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(New York) – North Korean authorities arbitrarily arrest, unfairly prosecute, and severely mistreat people for conducting private business activity, with punishments varying with bribes and connections, Human Rights Watch said today. The government should amend its criminal code to abolish “economic crimes” of engaging in commerce and order the authorities to stop arresting people for such activity.

Human Rights Watch interviewed 12 North Koreans extensively involved in private commerce who had fled to South Korea since 2013. They said that when authorities confronted them about engaging in business activities, their fate often depended on their capacity to pay bribes or mobilize personal connections, or the government’s need for forced labor. Those accused without money or connections could face lengthy sentences at prison camps, especially when the need for forced labor was high.

A woman carries goods from a local market at North Korean Special Economic Zone of Rason city, located northeast of Pyongyang on September 2, 2011. © 2011 Reuters

“While many North Koreans engage in petty business to survive, government officials prey on them with arbitrary arrests, extortion, and detention,” said John Sifton, Asia advocacy director. “Those who can’t bribe their way out of prison camp can face months or years of forced labor, deprivation, and abuse.”

Economic Crimes
After the collapse of North Korea’s public distribution system for food between 1993 and 1995, a severe famine provoked massive starvation and compelled North Koreans to engage in private commercial activities, known as jangsa, or dealings with the marketplace, for the first time. The growth of these activities has created an unofficial, parallel gray economy with a highly uncertain and risky political and regulatory environment. Authorities treat the same economic crime differently depending on the person or groups facing charges.

Among the economic crimes for which people face punishment are attempts to engage in market economic activities without government permission and the trading of forbidden goods, such as mushrooms, spices, medicinal herbs, or seafood. Enforcement of laws prohibiting these activities takes place alongside the enforcement of other criminal laws against violating the terms of government-issued travel permits, not having a state-sanctioned job, having contacts in China, and crossing over or smuggling goods to or from China. Failing to report to a government-assigned workplace is also punishable by law. All men and unmarried women who have finished their studies are required to report to their assigned state-approved company, but may be able to pay the company a fee if they do not go to work.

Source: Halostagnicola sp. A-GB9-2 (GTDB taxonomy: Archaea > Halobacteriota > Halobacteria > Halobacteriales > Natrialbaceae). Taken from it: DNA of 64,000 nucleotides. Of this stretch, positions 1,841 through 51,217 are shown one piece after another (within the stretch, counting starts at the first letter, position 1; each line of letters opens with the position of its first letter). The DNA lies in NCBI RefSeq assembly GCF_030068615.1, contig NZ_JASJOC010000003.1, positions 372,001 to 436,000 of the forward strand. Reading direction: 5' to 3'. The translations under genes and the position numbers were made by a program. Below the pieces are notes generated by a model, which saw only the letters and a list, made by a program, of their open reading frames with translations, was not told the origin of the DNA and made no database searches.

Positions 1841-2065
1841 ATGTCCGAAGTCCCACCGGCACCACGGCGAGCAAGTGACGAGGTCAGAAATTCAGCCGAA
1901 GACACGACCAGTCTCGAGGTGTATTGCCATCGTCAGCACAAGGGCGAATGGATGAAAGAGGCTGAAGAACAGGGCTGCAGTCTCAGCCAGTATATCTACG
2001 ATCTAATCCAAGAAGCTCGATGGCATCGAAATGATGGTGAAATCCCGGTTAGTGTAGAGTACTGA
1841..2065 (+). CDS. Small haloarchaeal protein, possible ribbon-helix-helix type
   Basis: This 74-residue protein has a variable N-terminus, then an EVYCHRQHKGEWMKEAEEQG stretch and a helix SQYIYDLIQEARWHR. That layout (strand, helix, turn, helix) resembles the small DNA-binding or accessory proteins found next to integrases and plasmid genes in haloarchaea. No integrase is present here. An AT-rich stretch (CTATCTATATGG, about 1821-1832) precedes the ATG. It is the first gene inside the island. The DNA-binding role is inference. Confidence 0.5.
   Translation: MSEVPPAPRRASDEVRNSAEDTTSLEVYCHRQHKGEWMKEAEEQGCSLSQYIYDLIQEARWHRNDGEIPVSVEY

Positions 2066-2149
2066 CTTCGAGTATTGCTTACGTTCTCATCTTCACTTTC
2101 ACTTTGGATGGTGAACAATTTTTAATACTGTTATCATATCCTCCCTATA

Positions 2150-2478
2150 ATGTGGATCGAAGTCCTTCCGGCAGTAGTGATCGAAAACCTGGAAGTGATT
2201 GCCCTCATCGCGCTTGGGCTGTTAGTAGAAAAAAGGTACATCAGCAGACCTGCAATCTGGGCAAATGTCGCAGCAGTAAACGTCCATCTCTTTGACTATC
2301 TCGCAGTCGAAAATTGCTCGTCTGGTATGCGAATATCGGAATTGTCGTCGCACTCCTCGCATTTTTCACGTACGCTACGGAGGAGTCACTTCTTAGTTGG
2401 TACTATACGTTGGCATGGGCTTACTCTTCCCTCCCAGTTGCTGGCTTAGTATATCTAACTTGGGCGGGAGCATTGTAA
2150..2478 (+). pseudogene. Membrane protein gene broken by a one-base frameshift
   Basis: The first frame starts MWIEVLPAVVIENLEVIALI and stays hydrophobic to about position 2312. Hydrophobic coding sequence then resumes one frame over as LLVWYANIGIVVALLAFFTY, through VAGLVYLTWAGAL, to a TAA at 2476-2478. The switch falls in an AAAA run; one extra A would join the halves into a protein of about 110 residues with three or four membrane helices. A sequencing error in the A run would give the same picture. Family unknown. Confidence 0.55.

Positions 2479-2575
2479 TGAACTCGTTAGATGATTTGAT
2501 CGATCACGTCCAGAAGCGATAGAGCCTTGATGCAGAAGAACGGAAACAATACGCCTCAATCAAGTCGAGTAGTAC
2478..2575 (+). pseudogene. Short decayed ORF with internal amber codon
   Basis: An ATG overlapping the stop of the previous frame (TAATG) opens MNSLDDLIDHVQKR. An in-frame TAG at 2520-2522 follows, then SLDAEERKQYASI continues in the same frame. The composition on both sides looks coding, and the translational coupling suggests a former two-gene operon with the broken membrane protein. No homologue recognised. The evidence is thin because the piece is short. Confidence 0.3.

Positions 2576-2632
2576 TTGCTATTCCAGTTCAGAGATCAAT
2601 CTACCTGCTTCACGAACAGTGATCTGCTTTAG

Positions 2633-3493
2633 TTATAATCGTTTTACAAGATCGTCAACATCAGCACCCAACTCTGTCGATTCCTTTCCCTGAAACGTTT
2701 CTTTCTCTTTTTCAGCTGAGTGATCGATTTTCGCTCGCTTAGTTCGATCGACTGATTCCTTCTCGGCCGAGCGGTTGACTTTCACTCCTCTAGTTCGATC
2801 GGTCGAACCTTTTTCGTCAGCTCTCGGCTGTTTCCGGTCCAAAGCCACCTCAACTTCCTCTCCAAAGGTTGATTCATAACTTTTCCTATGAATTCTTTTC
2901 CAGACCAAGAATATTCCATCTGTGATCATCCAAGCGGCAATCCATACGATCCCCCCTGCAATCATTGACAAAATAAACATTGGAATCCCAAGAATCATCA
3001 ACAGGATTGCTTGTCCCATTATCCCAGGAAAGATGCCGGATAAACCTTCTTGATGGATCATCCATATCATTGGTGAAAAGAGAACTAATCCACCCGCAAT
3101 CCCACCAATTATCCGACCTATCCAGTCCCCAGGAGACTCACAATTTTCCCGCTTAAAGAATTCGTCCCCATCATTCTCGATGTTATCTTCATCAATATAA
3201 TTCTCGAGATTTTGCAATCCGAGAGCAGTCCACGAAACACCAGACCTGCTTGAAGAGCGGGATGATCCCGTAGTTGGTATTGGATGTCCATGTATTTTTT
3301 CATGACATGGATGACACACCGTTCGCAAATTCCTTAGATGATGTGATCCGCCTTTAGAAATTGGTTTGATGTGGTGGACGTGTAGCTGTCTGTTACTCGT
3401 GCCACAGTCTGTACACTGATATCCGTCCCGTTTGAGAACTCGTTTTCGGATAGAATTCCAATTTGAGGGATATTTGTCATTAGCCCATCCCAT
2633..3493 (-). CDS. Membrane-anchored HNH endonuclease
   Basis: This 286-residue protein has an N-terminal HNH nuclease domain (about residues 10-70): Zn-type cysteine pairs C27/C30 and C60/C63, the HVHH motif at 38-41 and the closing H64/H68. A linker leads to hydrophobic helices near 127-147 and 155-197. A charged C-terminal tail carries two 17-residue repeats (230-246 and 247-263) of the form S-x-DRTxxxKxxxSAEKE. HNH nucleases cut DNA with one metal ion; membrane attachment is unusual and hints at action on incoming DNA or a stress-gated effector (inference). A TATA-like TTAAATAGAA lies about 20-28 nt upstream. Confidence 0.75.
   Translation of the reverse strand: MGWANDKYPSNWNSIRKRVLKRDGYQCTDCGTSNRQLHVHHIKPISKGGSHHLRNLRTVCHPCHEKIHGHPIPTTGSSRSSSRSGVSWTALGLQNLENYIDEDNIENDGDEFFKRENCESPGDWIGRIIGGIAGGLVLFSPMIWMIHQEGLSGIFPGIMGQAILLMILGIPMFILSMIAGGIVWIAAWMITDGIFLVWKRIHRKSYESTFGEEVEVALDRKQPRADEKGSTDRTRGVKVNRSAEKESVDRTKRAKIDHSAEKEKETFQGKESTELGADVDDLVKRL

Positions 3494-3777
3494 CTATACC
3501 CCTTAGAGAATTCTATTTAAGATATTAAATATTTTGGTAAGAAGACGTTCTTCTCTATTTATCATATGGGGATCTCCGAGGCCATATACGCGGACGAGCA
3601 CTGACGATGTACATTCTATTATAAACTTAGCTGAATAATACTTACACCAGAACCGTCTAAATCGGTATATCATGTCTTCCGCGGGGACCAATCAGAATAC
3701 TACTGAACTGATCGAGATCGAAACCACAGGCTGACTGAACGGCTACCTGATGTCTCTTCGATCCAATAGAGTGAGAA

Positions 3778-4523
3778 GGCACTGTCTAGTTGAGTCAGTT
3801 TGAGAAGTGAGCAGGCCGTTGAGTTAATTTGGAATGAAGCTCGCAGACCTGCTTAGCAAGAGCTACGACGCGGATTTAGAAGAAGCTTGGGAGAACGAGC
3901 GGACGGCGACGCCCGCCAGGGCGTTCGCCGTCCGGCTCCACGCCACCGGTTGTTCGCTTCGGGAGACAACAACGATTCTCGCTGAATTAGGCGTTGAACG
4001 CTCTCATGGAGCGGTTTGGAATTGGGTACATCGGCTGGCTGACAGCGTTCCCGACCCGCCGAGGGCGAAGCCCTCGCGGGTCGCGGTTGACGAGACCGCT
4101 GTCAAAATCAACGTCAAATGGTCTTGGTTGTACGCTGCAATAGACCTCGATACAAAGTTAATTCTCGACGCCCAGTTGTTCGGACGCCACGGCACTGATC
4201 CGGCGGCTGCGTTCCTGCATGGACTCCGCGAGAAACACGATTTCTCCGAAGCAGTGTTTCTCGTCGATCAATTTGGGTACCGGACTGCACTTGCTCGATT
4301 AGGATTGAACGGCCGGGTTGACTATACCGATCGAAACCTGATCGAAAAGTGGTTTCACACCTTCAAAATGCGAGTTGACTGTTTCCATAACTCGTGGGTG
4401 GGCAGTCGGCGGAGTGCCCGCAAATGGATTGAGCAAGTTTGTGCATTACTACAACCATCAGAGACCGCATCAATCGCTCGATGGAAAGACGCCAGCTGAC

A former manager at a state-owned company who left North Korea in January 2014 told Human Rights Watch that his wife bought clothes in bulk from cities with more active market activity such as Rason, a port city in the northeastern tip of the country. She sold these clothes at the market in Chongjin, in the northeastern province of North Hamgyong. Because of his connections, they were doing well and may have avoided being arrested for their economic activities. He regularly visited his bosses at the company where he was formally listed as being employed as well as members of the State Security Department (bowibu) and the Ministry of Public Security (the police), providing them with gifts including money, meat, squid, and liquor.

“To be protected, you have to remember special holidays and react to the moment, to the new directives, or to crackdowns where they confiscate your products,” he said. “Otherwise you can lose everything you have, or end up in prison or forced to do hard labor.”

Fear of being caught makes traders prepare for extortion attempts by carrying extra money and packs of cigarettes to pay off authorities if necessary. “We are always scared and never know what may happen to us,” a trader told Human Rights Watch. She explained that she engaged in bulk trading from one province to another and left North Korea during the winter of 2014. “Once a friend of mine did not hear a member of a patrol team calling her,” she said. “So then he beat her up and, because she had no money to pay him, he sent her to a labor training center.”

North Korea’s restrictions on economic activities that infringe on basic economic and social rights violate the International Covenant on Economic, Social and Cultural Rights (ICESCR), which North Korea ratified in 1981. Under the ICESCR, individuals have the right to work, “which includes the right of everyone to the opportunity to gain his living by work which he freely chooses or accepts.” Governments are obligated to “take appropriate steps to safeguard this right.” The government must also “achiev[e] progressively” the right to “an adequate standard of living for himself and his family, including adequate food, clothing and housing, and to the continuous improvement of living conditions.” 

The actions taken by North Korean authorities against perceived perpetrators of economic crimes violate international legal protections under the International Covenant on Civil and Political Rights. These include the rights to freedom from arbitrary arrest and detention, freedom of movement, freedom from torture and other ill-treatment, and a fair trial.

Forced Labor